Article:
First and foremost, please be assured that I get the seriousness of this issue and have raised it in Parliament in relation to the death of a horse due to fireworks locally.
However, I am afraid I must tell you that the Government does not plan to restrict when fireworks can be used, or make them silent, or reduce their maximum noise level to 90 decibels. Ministers support the considerate use of fireworks, as well as any action taken to reduce the risks and disturbances to individuals, animals and property.
To reduce disturbance to both animals and people, there is a noise level limit of 120 decibels on fireworks for home use. The Animal Welfare Act 2006 makes it an offence to cause unnecessary suffering to animals through the misuse of fireworks. They should not be set off near livestock or close to buildings that house livestock, or near to horses in fields. Anyone planning a firework display in rural areas should warn neighbouring farmers.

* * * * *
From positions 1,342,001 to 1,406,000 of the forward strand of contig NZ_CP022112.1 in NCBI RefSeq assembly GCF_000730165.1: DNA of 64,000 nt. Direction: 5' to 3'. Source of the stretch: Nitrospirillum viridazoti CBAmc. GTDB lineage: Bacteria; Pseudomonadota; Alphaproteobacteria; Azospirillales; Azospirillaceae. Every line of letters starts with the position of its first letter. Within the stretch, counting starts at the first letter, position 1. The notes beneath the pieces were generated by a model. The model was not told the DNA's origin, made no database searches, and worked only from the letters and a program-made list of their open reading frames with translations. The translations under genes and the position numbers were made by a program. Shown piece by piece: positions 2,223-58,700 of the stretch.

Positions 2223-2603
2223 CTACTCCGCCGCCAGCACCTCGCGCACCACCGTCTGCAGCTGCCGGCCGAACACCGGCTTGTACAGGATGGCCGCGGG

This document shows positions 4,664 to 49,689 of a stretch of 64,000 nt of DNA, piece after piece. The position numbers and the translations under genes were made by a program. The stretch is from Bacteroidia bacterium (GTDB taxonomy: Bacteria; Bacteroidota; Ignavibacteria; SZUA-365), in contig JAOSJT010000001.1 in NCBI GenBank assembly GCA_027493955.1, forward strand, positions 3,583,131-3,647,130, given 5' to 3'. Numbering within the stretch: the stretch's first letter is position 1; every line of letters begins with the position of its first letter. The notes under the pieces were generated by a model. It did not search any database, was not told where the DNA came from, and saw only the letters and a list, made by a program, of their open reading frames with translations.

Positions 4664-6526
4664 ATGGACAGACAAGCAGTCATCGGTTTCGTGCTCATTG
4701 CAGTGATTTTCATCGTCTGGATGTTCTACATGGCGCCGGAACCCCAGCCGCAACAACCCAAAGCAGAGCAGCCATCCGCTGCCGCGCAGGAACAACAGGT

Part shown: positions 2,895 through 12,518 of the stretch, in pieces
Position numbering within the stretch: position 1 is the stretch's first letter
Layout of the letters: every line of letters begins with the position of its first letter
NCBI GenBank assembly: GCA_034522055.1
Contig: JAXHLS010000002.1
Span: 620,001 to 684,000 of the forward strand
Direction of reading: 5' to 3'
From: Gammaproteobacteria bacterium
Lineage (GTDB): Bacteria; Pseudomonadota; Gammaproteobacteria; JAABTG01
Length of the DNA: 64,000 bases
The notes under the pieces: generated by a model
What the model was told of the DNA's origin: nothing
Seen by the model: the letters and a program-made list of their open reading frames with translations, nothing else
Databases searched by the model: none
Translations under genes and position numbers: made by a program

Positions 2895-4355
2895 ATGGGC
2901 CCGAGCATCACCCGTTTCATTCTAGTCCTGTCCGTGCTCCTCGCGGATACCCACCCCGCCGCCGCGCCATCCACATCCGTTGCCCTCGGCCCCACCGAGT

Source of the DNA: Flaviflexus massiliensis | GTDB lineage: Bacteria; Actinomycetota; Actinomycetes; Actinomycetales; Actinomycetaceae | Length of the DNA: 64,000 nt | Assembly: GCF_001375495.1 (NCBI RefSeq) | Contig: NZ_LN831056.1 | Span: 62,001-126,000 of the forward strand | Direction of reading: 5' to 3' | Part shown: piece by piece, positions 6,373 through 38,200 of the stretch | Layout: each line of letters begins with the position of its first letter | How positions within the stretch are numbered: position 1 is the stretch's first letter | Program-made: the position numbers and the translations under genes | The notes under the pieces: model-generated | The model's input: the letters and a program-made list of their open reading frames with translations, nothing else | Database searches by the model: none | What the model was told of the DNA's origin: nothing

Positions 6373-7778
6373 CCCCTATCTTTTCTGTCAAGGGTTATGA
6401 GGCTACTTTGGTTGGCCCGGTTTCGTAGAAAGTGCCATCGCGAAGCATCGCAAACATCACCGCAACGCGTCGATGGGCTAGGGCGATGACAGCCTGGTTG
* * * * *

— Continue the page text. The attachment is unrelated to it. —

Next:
Further, I understand that retailers are restricted to selling consumer fireworks during a limited period around specific seasonal celebrations, and retailers may only supply fireworks outside these periods if they obtain a licence from their local licensing authority. Fireworks used for professionally organised displays are only available for sale to people who have undertaken an accredited course of training in pyrotechnics. Enforcement powers exist for local authorities to take action when fireworks are unsafe, sold illegally or misused. Local authorities and the police also have powers to tackle anti-social behaviour caused by the misuse of fireworks.
Finally, the Government published a statutory Code of Practice for the Welfare of Dogs, which advises dog owners to avoid exercising with dogs during times when fireworks could be let off. I understand that the Government has worked with animal welfare groups in previous fireworks seasons to promote safe and considerate use.